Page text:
Elaine Richard’s Patient Story

Elaine Richard’s Patient Story

I am a married 39 year old mother of two.  A year ago my busy life was put on hold when I developed a blood clot in the renal vein of my left kidney.  I started feeling dull pain in my lower back at work, and I felt winded and tired.   I work full time as a civil engineer and spend a good portion of my day on my feet.  I remember saying to my coworkers that I just needed to sit down, which is very unlike me.  The pain got more intense each day, although at this point I had no idea I had a deadly blood clot.

At the time I was juggling many things, so I didn’t take time to take care of myself.  I was busy planning a retirement party, getting organized for a camping trip with my Girl Scout troop and caring for my aging and quite sick dog.  Days later the pain moved from my back to my lower abdomen.  I look back and now wish I had not waited so long to go to the emergency room.

I was concerned that the pain was not subsiding, so I went to a walk in clinic that weekend. The doctor thought my pain was due to a cyst on my ovary.  On Monday I called my GYN, who did not think I had an ovarian cyst because I was on hormonal birth control.  An ultrasound showed no sign of a cyst, so they sent me on my way.  They never investigated whether any clot was forming related to the hormonal birth control I was taking.

The next day I went to my internal medicine doctor, where my urine test showed elevated levels of protein and blood, so an abdominal CAT scan was ordered.  I had to wait until the next day for the scan, and by then the pain was so bad my husband had to drive me to the appointment. The scan revealed the blood clot in my left renal vein, the major vein of the kidney.  I was admitted to the hospital for 10 days where I was put on heparin, and dozens of blood tests where taken.

I did not have a clotting history, and my health was good to that point in time.  It is still unknown why my clot occurred, although doctors think it was a combination of factors.  I was on a hormonal birth control ring.  Doctors also noted compression that thinned my renal vein and made it more prone to clot.  Blood testing revealed that I have anticardiolipin antibodies and lupus anticoagulant, antibodies that attack plasma proteins in the blood, and see plasma proteins as foreign bodies or threats, leading to a higher risk of clotting.  An antibody associated with Sjögren’s syndrome was detected that may be another contributing factor to the clot formation.  However, my rheumatologist is reluctant to diagnose me as having any autoimmune disorder, since I do not exhibit the full spectrum of classic symptoms related to either Systemic Lupus Erythematosus or Sjögren’s syndrome.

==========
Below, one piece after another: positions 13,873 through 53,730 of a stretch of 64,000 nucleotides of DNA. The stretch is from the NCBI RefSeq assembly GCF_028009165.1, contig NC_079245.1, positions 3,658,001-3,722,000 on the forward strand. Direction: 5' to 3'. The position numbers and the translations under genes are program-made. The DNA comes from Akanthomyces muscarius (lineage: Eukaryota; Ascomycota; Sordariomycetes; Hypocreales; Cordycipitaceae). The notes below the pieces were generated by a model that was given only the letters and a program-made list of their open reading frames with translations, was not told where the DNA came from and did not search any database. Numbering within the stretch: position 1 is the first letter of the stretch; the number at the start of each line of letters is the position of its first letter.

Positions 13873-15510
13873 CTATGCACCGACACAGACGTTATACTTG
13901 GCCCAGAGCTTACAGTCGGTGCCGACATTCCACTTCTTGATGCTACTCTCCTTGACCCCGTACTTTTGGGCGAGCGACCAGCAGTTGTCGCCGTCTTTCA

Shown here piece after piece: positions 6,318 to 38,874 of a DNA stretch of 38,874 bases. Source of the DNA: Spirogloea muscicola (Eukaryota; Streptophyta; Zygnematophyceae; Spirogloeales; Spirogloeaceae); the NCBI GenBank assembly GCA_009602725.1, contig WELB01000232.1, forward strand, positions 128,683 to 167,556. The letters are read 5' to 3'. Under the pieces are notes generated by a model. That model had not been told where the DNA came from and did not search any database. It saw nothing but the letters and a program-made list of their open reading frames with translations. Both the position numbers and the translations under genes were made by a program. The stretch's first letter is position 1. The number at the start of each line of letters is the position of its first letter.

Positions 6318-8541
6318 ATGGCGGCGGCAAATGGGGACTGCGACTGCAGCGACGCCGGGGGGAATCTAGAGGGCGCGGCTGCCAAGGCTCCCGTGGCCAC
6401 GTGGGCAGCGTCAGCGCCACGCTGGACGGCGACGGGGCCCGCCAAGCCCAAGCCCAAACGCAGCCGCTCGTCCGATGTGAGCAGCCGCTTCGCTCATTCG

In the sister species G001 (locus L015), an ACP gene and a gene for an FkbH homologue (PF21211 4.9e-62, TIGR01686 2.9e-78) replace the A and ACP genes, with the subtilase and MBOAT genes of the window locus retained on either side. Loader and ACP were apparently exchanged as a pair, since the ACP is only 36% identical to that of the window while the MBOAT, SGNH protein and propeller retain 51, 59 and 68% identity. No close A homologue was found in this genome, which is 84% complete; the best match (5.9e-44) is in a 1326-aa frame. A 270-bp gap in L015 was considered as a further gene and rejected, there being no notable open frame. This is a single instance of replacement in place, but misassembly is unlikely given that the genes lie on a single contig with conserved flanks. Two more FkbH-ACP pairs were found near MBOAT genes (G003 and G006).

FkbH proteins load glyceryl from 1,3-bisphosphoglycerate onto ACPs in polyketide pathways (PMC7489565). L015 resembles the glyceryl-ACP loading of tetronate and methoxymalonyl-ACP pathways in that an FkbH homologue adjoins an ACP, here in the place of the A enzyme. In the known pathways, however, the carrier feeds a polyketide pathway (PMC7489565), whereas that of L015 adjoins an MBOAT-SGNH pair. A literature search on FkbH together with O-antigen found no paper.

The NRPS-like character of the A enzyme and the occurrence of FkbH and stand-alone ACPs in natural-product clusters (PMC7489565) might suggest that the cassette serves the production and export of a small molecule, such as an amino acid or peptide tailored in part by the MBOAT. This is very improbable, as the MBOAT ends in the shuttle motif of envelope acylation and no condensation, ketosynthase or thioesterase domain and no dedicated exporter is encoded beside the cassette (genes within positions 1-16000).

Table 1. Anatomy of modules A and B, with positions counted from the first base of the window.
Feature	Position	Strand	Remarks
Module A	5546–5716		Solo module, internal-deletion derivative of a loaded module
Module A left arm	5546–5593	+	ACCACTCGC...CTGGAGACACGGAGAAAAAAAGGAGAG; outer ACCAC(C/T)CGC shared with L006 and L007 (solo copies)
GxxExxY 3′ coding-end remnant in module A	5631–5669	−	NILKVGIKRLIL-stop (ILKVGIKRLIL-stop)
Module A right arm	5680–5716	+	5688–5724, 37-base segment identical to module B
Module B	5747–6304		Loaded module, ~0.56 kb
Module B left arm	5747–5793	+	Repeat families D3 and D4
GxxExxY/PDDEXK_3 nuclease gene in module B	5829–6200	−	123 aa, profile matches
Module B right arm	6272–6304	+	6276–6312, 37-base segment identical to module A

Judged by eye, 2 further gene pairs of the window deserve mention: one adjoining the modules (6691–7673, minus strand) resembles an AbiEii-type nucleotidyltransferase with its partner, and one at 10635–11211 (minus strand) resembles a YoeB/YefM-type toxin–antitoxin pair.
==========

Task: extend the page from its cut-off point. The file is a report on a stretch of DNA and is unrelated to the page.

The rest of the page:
I will be on blood thinners for life and the specialists do not foresee that the clot will ever dissolve.  My kidney function is good for now, but I need to check it regularly.

I also have pelvic congestion syndrome, a condition associated with varicose veins in the pelvis. These varicose veins developed because my left renal vein is blocked by the clot, and drains blood into my ovarian vein.  Blood engorgement in the vein near the nerves causes pain, pressure, and heaviness in my pelvic area lasting about 10 days a month around ovulation. It is ironic that the hormonal birth control that likely added to my clot risk was intended to prevent any pain from this pelvic congestion because it stops ovulation. I can never take hormonal birth control again, because it and the antibodies in my blood pose added risk for me to develop another clot.
I have never met anyone else who has a blood clot in their renal vein.  I have learned that it is essential to put my health first, no matter how busy life is.  I waited over a week before getting answers; this put my kidney function and life at great risk, but I am fortunate to be a survivor.

Take Home Messages

  • Listen to signals your body is giving you to stop and seek help
  • Take time to take care of yourself
  • Hormonal birth control is a risk factor for blood clots
  • Put health first
The personal story is intended for informational purposes only. The National Blood Clot Alliance (NBCA) holds the rights to all content that appears on its website. The use by another organization or online group of any content on NBCA’s website, including patient stories that appear here, does not imply that NBCA is connected to these other organizations or groups or condones or endorses their work. Please contact info@stoptheclot.org with questions about this matter.
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